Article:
This is really an interesting question. Capacity development can be one of the strategies, but I can assure you, it’s not a guarantee that journalists will not practice their profession in line with their ethnic denomination. For your information, there are around 22 universities in Ethiopia which are offering courses and programmes of journalism and communication and most of the journalists who are currently joining the media organizations are graduates of these universities. So, I can say that they know what journalism is and what the ethical aspect of it is, etc. But as soon as they complete their studies in the universities and join the media organizations, automatically they forget what they learned. They put their feet in the media organizations’ systems. They start reporting the way that media organization wants them to report. So, the media organizations are the determinant factors right now, not the capacity development.
In many cases, I have conducted so many training sessions and at the end of the training, I collect feedback. They say, ‘Mulatu, it was really an interesting training, but we cannot apply it because our media organizations do not have room to practice such kinds of reporting’ because the media organizations have their very own reporting style, their own political interests and they have their own positions. Because of all these, I have concluded that capacity building will not be the ultimate solution. But, this does not mean that capacity building is not a solution for the problem. It is, but it is highly influenced by other factors.
Is there, then, another way of getting to the core of the problem from within the media organizations?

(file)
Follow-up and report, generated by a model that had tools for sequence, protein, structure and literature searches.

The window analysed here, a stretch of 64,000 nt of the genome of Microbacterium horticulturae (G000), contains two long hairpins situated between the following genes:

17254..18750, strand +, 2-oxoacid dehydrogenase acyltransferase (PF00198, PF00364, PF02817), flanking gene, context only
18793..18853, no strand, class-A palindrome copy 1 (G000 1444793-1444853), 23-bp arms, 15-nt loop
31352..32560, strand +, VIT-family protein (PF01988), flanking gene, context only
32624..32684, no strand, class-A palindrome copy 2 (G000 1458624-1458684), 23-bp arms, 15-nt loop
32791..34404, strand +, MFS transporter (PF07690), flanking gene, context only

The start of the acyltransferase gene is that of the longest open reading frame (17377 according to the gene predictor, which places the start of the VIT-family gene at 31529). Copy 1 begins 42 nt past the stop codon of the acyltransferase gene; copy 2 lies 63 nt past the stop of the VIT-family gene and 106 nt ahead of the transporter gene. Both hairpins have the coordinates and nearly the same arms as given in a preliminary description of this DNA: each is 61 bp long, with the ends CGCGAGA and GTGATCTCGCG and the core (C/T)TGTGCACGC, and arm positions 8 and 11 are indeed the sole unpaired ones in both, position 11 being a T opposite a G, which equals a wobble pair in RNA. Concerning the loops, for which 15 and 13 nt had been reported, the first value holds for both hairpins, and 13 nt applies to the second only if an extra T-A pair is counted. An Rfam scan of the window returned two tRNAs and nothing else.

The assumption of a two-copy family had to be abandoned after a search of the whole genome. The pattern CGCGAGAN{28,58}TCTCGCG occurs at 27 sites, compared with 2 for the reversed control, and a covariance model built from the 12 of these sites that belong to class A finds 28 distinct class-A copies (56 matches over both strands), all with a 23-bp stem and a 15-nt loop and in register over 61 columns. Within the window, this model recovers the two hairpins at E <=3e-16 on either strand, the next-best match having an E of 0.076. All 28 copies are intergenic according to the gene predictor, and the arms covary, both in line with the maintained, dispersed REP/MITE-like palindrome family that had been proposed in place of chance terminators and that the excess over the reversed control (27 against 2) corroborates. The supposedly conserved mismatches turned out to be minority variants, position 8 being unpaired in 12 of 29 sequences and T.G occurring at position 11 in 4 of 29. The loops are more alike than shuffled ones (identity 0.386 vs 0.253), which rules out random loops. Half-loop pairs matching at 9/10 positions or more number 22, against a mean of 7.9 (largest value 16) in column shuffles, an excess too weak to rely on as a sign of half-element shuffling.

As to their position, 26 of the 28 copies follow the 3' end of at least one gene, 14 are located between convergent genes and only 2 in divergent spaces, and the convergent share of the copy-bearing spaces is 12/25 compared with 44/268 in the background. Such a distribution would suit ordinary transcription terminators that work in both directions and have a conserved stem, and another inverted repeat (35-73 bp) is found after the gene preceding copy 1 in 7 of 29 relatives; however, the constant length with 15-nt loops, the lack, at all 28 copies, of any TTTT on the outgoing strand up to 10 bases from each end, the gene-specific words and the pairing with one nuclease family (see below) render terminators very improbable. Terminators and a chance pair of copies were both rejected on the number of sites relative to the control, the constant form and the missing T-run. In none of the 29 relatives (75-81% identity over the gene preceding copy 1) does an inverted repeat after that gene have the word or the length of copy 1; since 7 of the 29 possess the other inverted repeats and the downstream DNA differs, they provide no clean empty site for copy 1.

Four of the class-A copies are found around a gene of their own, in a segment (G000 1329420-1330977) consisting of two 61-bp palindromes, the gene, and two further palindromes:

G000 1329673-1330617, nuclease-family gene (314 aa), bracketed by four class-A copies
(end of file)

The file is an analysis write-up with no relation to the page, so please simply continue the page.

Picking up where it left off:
Yes, the problem is the media organizations; ownership is the determinant part. As I mentioned, if we invest in changing the political environment, then changing ownership interest and interventions in the profession, then we will bring some good change in journalism. You know ownership is not only about business but also about politics, ethnic politics. So, if they are hiring someone, you will not be offered a job in that particular organization unless you are supporting the ideology or ownership of that particular organization. Your excellence sometimes doesn’t have an impact on your employment. So, everything is determined by ownership. These ownerships are determined by the political environment in the country. So, capacity building can be one of the solutions, but it will not be the ultimate solution. Capacity building is very important for some technical issues, but it cannot bring change in the attitude of the journalists.
Incidentally, while we are still talking about capacity building, Addis Ababa is one of the five African cities that recently hosted workshops of the Africa investigative journalism conference this year. Let’s talk about investigative journalism in Ethiopia and what hosting workshops in this conference means for the journalism profession in the Horn of Africa?
Well, there are some media organizations or journalists who are trying to practice investigative journalism. I have seen some critical stories that are focused on the corruption of the people in the government offices. However, considering the extent of corruption and the maladministration in the country, plus the performance of the government, I can’t say that the media is aggressively working on investigative journalism.